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WDC: 6 tips for optimizing your distribution network

Whether driven by reducing costs or by new business strategies, our panel of experts says that rethinking your distribution network has become more important than ever.
By Maida Napolitano, Contributing Editor
July 01, 2011

Tip 1: Traditionally, in many DC projects, business owners and stakeholders don’t get involved until the very end when they give their approval on the overall output. But in a network strategy study, our experts agree that engaging high-level management early on is a must.

“Don’t have them show up on the 15th week of a 16-week study and start throwing curve balls and challenging the assumptions,” explains Jones. “Get them involved from the beginning to establish your assumption sets.” 

Soller also recommends involving managers from sourcing, product development, merchandising, and sales to get all of their perspectives for inclusion in the overall solution design. “These managers bring perspectives to the table that make the overall result much more effective; it also ensures buy-in and belief that the new network is a good decision for the business.” 

Soller cites, for example, how a sales manager can bring to light specific needs of individual customers, allowing you to address them within the network, rather than creating a one-size-fits-all solution for all customers. 

Tip 2: A good distribution network redesign encompasses a number of key areas of the business that all need to be considered and questioned.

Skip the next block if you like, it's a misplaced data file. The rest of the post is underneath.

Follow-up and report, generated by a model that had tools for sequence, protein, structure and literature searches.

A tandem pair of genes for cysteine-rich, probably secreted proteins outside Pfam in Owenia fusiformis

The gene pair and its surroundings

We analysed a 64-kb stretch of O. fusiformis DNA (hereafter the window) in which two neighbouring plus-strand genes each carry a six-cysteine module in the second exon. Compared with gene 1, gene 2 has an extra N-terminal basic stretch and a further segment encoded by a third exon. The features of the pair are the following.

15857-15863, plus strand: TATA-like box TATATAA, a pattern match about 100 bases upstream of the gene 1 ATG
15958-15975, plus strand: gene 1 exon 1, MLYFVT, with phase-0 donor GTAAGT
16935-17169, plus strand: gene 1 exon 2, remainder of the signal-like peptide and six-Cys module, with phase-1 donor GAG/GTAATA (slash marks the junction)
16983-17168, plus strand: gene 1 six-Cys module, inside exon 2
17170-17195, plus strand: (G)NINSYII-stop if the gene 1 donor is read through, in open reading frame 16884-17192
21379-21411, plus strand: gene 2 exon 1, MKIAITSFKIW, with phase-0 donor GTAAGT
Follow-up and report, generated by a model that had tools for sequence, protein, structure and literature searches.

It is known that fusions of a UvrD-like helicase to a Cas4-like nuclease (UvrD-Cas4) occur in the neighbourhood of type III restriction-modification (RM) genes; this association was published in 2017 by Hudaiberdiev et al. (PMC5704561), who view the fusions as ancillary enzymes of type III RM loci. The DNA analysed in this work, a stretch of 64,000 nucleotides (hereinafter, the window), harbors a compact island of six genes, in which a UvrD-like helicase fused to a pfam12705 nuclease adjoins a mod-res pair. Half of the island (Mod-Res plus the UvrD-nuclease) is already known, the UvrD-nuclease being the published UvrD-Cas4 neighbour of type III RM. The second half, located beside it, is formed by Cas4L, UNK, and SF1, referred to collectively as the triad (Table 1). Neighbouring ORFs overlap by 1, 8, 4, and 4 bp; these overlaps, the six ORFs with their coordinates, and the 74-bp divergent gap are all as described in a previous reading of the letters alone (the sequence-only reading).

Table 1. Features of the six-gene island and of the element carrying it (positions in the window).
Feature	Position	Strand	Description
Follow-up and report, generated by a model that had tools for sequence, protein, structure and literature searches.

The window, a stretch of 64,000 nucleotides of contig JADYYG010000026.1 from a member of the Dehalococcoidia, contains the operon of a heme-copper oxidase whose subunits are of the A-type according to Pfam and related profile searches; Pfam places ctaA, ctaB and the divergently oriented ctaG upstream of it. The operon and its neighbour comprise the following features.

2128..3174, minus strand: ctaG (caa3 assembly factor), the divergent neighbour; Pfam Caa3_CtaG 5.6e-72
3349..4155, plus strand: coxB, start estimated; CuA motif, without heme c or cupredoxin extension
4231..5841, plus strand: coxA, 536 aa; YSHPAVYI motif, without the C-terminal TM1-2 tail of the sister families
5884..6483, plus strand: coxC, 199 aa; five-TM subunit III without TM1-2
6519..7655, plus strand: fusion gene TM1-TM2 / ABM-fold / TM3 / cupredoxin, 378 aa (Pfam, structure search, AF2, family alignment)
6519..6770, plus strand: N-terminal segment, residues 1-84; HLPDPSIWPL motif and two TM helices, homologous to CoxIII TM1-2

Wulfraat lists some of critical questions that need to be answered: What are the storage and throughput capacity constraints associated with my existing distribution network? What perceived service level requirements are required for major markets being served in order to be competitive? If the delivery lead-time is changed then what is the anticipated impact on sales revenues for a given market?
What are the logistics operating expenses, one-time expenses, inventory assets and capital investments required for the baseline scenario? How do these compare to alternative scenarios?

Evanko then points to a few questions concerning different forms of sourcing: Should you be sourcing your products locally, importing or returning manufacturing to the U.S. or to countries closer—also known as near-shoring?

Our experts agree that despite the buzz, near-shoring is not imminent. In fact, they expect most companies to continue to outsource the manufacturing of low-value items such as toys and clothes to China. “As labor becomes more expensive in China, then manufacturing isn’t moving back here. It will move further south in Asia into Indonesia, Malaysia, Vietnam and India,” says Evanko. “Those countries still have a labor cost advantage over China.” 

Tip 3:Up to a certain scale, modeling your network in house using home-grown spreadsheets and databases can get cumbersome—if not impossible. Choose one of many commercially available network modeling tools.

“These tools can help a company develop a very robust initial solution and build the capability within your organization to continually monitor what’s happening within the logistics network,” explains Soller.

Wulfraat cautions, however, against solely depending on these tools to optimize the network. “A software tool will help to figure out a small but important subset of the overall information that is needed for a study,” he says. “But truthfully, the CEO does not care if you used a hammer or a drill for the job. The CEO wants to understand the financials, customer service impacts, and risk sensitivities.”